The Daily Mail announced that a UN agency may delay mandating technology which might have located the Malaysian aircraft after it went beyond the radar range. Given the months of searching for that airframe with only partial success so far, why the change of the priority?
ICAO is the United Nations organization charged with setting global standards for aviation. In response to the disappearance of MH 370 that body quickly recommended that automated tracking systems be installed. The case for adding this capacity to locate aircraft at all times and all places was not made adequately made and even EASA indicated a reluctance to mandate the installation of this equipment and space-based surveillance satellites.
As an interim solution, ICAO suggested that while the systems are being developed, manual reporting by radio be instituted. It established a task force, called the Normal Aircraft Tracking Implementation Initiative (NATII). That committee responded by saying that manual reports could distract pilots, causing safety problems, and might not be accurate. NATII’s recommendations were based on discussions with airlines that fly in remote areas and a “table top exercise” to test tracking procedures.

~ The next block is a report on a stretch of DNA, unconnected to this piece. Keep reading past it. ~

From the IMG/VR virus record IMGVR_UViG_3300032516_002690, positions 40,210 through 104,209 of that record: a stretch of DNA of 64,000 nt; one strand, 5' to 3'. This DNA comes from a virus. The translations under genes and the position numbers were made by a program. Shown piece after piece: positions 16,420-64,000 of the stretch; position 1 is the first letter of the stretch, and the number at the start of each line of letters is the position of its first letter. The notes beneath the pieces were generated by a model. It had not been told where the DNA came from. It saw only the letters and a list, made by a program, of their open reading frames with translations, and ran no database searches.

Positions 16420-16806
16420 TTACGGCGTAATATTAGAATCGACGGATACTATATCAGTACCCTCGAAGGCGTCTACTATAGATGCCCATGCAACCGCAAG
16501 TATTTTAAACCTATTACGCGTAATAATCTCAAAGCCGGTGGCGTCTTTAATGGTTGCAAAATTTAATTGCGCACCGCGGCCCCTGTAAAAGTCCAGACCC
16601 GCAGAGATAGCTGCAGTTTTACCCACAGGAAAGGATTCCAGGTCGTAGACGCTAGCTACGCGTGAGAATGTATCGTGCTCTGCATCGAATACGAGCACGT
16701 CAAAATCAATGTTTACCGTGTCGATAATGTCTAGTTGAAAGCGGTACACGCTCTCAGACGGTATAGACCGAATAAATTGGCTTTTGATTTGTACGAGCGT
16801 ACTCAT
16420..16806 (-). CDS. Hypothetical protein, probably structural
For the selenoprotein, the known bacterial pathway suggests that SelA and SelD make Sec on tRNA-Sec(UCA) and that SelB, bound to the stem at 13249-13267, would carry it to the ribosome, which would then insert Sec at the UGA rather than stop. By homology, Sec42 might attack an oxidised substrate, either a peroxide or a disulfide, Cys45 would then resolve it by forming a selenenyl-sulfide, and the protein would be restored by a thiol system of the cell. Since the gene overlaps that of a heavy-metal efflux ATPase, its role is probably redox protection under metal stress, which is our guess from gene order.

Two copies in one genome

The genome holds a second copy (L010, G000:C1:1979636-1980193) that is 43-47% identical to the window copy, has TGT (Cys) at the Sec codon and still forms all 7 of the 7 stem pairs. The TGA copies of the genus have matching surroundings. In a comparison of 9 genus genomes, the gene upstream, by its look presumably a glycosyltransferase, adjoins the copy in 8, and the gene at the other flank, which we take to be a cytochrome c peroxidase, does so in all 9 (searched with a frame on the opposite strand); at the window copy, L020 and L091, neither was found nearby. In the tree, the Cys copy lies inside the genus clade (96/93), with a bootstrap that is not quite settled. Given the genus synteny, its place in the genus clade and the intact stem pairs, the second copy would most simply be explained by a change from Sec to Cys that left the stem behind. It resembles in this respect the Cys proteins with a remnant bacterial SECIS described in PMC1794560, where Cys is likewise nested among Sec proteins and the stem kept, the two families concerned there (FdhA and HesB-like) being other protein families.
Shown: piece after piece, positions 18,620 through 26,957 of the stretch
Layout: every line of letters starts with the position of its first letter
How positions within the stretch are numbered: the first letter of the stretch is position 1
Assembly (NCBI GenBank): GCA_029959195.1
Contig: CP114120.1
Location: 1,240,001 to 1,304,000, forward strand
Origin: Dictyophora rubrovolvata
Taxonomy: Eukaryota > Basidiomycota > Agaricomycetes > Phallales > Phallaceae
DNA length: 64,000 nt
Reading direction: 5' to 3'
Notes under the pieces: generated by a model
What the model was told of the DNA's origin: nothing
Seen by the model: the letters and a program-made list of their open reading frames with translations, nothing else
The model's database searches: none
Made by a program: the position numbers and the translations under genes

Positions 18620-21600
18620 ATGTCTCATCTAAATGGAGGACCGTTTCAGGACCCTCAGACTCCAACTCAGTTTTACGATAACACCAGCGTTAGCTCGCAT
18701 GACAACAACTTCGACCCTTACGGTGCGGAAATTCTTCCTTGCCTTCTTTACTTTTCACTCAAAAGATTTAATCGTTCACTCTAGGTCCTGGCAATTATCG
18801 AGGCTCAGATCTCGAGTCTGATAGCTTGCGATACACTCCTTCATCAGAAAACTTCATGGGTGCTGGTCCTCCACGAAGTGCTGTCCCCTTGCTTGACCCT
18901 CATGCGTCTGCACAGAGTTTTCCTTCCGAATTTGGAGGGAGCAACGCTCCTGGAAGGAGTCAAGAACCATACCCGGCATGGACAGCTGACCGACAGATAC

The 2016 installation deadline was extended because the general opinion was that it could not be achieved. No new schedule was announced.
AirTraffic Management.net quotes an ICAO source as saying:
“It’s the applicability timeline that is currently being reviewed in light of the NATII results and other considerations now being discussed in our Air Navigation Commission, which provides technical advice to the Council on these matters.”
The ICAO website touts a new centralized online information area for aircraft tracking developments. That suggests that the UN agency may still be trying to stimulate the implementation date with this repository of technology advances.
It will be instructive to watch the progress of technology there. But even more telling will be the development of a cost/benefit analysis which satisfies the regulatory tests of some of the world’s CAAs justification processes.